Washington, DC — President Trump’s record tardiness in nominating agency leaders may undo months of work inside the Department of Interior, according to a complaint filed today by Public Employees for Environmental Responsibility (PEER).  The way the Trump administration has filled agency leadership slots with temporary or acting directors violates a law enacted to prevent a president from circumventing the U.S. Senate’s constitutional advice and consent power.

The PEER complaint filed with Interior’s Office of Inspector General charges that the acting directors of the National Park Service (NPS), Bureau of Land Management (BLM), and U.S. Fish & Wildlife Service (FWS) are in blatant violation of the Federal Vacancies Reform Act.  Under that act, any action taken by a noncompliant official “shall have no force or effect” nor may it be later “ratified.”

“The law prevents a president from installing acting directors for long periods and completely bypassing Senate confirmation,” argued PEER Executive Director Jeff Ruch, noting that President Trump has not nominated or even announced an intention to nominate, persons to fil the NPS, BLM, or FWS vacancies.  “Federal agencies are not supposed to be run like a temp service.”

The complaint recounts Vacancies Reform Act violations invalidating the appointments of –

  • NPS Acting Director P. Daniel Smith, who did not serve in a senior position for 90 days during the prior year, as the Act requires. Nor did Trump appoint him, another requirement of the act;
  • BLM Acting Director Brian Steed, who also did not serve in a senior position for 90 days and Interior Secretary Zinke, not Trump, appointed him.
  • FWS Acting Director Greg Sheehan, who not only suffers from these same deficiencies but also now exceeds the 210-day limit the act imposes.

Read the rest of this press release HERE.

 

 

 

Ree Drummond (The Pioneer Woman), wife of Ladd Drummond, a BLM wild horse holding facility contractor, was keynote speaker at the 2018 National Cattlemen’s Beef Association convention

Ree Drummond on the stage at the 2018 National Cattlemen’s Beef Association convention

by Debbie Coffey

On Ree Drummond’s blog (The Pioneer Woman), under a photo of the fancy boots she wore to speak at the 2018 National Cattlemen’s Beef Association convention, Ree states:

“Finally, I shared this on Facebook but wanted to share it here too: I did not grow up in the country.  I can’t saddle a horse.  For years I thought heifer and Hereford were the same word.  And last week I delivered the keynote address to the big, annual gathering of the National Cattlemen’s Association.  I don’t do many speaking gigs these days because it takes precious time away from my teenagers, but this was one that Ladd and I could attend together, and we enjoyed the quick trip to Phoenix and back.  The irony of me speaking to 3,500 cattlemen and cattlewomen was not lost on me, and it was an honor to speak about how much I’ve enjoyed sharing glimpses of ranch life on my blog, TV show, and social media for the past twelve (!) years.  And at the very least, I was banking on these boots making up for all my agricultural shortcomings.”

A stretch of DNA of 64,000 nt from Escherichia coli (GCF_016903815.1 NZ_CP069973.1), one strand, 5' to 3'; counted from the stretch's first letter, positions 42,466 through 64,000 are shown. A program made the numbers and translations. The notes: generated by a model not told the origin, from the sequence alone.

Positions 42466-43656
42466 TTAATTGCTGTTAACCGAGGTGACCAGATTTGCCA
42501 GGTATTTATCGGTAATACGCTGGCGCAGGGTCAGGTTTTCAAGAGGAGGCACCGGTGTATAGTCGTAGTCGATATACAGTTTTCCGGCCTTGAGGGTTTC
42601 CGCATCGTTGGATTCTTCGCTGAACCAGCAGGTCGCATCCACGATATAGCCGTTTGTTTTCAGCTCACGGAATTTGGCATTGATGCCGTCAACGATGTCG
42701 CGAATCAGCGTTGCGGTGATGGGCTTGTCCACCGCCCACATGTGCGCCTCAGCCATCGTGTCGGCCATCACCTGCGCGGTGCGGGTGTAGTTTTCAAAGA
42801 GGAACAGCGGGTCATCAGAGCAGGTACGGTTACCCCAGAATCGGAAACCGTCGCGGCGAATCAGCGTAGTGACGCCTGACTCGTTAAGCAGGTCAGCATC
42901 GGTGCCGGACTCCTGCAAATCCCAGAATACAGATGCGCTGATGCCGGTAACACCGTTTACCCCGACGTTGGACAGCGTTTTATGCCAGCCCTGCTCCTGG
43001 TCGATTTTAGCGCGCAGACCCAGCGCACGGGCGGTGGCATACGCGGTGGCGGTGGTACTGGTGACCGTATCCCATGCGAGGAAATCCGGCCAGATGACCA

In a classic example of irony, Ree stands in front of the sign “Cattle First.”

Ree Drummond uses the images of wild horses in promoting her cooking show, The Pioneer Woman, on packaging for her Pioneer Woman cookware products, in her Pioneer Woman cookbooks and on her Pioneer Woman blog.

All the while, Drummond Land & Cattle Co., co-owned by Ree’s husband, Ladd Drummond, has been paid over $20 million in taxpayer dollars to warehouse captured wild horses on his private property as a Bureau of Land Management off-range pasture contractor.  (Talk about buttering your bread on both sides.)

Yet, it’s not likely that Ree said a word about saving America’s wild horses during her keynote speech to the National Cattlemen’s Beef Association.

For many years, the National Cattlemen’s Beef Association (NCBA) has been pushing for the slaughter of America’s wild horses & burros, and their organization was listed on the Steering Committee of the secretive “Slaughter Summit” held in Utah in 2017.  The NCBA also “applauded” the recent Stewart Amendment that would allow all wild horses & burros in BLM holding facilities, and tens of thousands more on public lands, to be killed.

Ree uses wild horses to promote her business interests, and yet at this time of crisis for America’s wild horses & burros, she seems to support the organization that is pushing for their mass killing.

Ree received a Distinguished Service Award from the National Cattlemen’s Beef Association